Sony Music Video/Sony BMG .
R4 . COLOR . 104 mins .
M15+ . PAL
Silverchair began life and even released their first single Tomorrow as Innocent Criminals. At the time they were a fresh new garage band in Newcastle that beared a striking resemblance to Nirvana, mainly due to lead singer Daniel Johns' blonde locks and similarity to Kurt Cobain. At the time they were very young, only 15 in fact, and were discovered in 1994 in a song contest run by the television show Nomad along with Triple J radio. By winning this competition, they were given the chance to record their single and receive extensive airplay, making it a huge hit.
The trio of Daniel Johns, Chris Joannou and Ben Gillies soon followed up their debut single with a number of hits. This was after they had signed a recording contract, changed their name to Silverchair and released their debut album Frogstomp, which debuted at number one. They toured extensively during their school holidays and soon became the hottest band in Australia. Overseas success soon followed, particularly in America with their debut album going platinum. They followed up this album with Freak Show in 1996 and Neon Ballroom in 1999, both receiving huge sales.
Although the band have since released Diorama and Rarities, this compilation is made up from videos of songs featured on their first three albums.
Miss You Love
Ana's Song (Open Fire)
Anthem For yhe Year 2000
Pure Massacre (Australian Version)
The Door - Live at Melbourne Park
Paint Pastel Princess - Live at Melbourne Park
Spawn Again-Live at Melbourne Park
Pure Massacre (US Version)
This is a great release for fans and a good introduction to those not familiar with the band. Taking into account their ages, these guys pump out a great sound and deserve the praise they have received over their brief career. Their style has changed over time going from a grunge sound to one that's much more sophisticated and complex, perhaps losing them many fans, but gaining them more from other areas. They seem to have a long future ahead of them and although the main focus appears to be lead singer and guitarist Daniel Johns, the other members are crucial to the band and are above all good friends, so with luck they will be around for a long time to come.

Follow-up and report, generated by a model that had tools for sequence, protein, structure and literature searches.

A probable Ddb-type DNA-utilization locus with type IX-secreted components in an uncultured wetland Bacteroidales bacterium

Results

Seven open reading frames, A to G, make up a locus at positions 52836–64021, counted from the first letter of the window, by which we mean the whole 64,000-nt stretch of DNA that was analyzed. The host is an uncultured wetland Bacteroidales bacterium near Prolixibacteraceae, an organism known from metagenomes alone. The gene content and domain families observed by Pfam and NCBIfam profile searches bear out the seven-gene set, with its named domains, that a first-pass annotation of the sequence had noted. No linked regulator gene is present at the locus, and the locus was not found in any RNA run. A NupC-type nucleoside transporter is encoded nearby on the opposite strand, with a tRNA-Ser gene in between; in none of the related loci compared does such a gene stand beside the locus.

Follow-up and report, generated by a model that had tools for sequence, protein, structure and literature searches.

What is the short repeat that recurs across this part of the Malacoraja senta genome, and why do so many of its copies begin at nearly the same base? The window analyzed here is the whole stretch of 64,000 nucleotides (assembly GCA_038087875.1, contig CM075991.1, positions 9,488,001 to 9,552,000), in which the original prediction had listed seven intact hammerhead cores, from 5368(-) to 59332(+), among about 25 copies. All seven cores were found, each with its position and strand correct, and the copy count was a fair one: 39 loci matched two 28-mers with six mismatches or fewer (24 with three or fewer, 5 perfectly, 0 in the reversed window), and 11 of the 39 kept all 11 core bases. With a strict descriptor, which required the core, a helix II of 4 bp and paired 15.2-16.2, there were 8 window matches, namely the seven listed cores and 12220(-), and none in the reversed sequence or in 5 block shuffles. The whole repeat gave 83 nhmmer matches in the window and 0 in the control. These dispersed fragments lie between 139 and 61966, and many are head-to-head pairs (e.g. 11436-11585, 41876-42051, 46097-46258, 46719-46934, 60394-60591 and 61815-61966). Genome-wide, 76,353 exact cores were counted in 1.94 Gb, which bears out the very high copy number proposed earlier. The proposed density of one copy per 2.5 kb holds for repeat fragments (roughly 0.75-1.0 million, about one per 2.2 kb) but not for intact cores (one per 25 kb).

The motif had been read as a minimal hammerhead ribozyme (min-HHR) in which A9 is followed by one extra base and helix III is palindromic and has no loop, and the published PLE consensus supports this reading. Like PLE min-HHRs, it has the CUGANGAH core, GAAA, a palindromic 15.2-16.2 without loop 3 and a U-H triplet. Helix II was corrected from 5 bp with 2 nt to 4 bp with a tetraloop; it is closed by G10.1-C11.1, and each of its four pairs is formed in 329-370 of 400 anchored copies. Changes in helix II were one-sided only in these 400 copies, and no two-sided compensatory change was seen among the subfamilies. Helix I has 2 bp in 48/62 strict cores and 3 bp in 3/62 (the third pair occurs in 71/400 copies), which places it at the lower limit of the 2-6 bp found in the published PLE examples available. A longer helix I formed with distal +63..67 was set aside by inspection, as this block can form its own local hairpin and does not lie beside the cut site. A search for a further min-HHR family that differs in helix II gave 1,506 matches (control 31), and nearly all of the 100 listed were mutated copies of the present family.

This DVD is also available now in the Now See Hear range which consists of this DVD along with the CD The Best of Volume 1 making it superb value.
Being a collection of video clips the quality does vary, but overall these clips are of a strong quality. All are presented in full frame and are therefore not 16:9 enhanced. Sharpness is strong on the studio produced videos and only falls down slightly on the live footage used. The live footage also suffers slightly with grain and pixelisation, but these are not a major problem for the most part. Colours are generally good and shadow detail is never a problem. Aliasing is also an occasional problem, but shouldn’t cause too many problems for viewers.
Rocking out Melbourne Park.
The only audio option is Dolby Digital 2.0 and this does the job sufficiently. Vocals are always clear with no other major issues throughout. Although there is nothing wrong with this audio track, many will need to redirect sound through their subwoofer to give it the required bass as this is the sort of music that requires that extra oomph.
There is only one extra supplied with this release, a featurette entitled Emotion Pictures. This featurette runs for over 41 minutes and includes footage from the production of the Neon Ballroom album along with interviews and behind the scenes footage. There are also clips of live performances and footage from the band’s US tour.
Overall this is a great release for fans of the band and those with an interest in this type of music. The video and audio are adequate and although there is only one extra, it is a good one. I would suggest you take the opportunity of purchasing this DVD in the Now See Hear package which offers great value for money.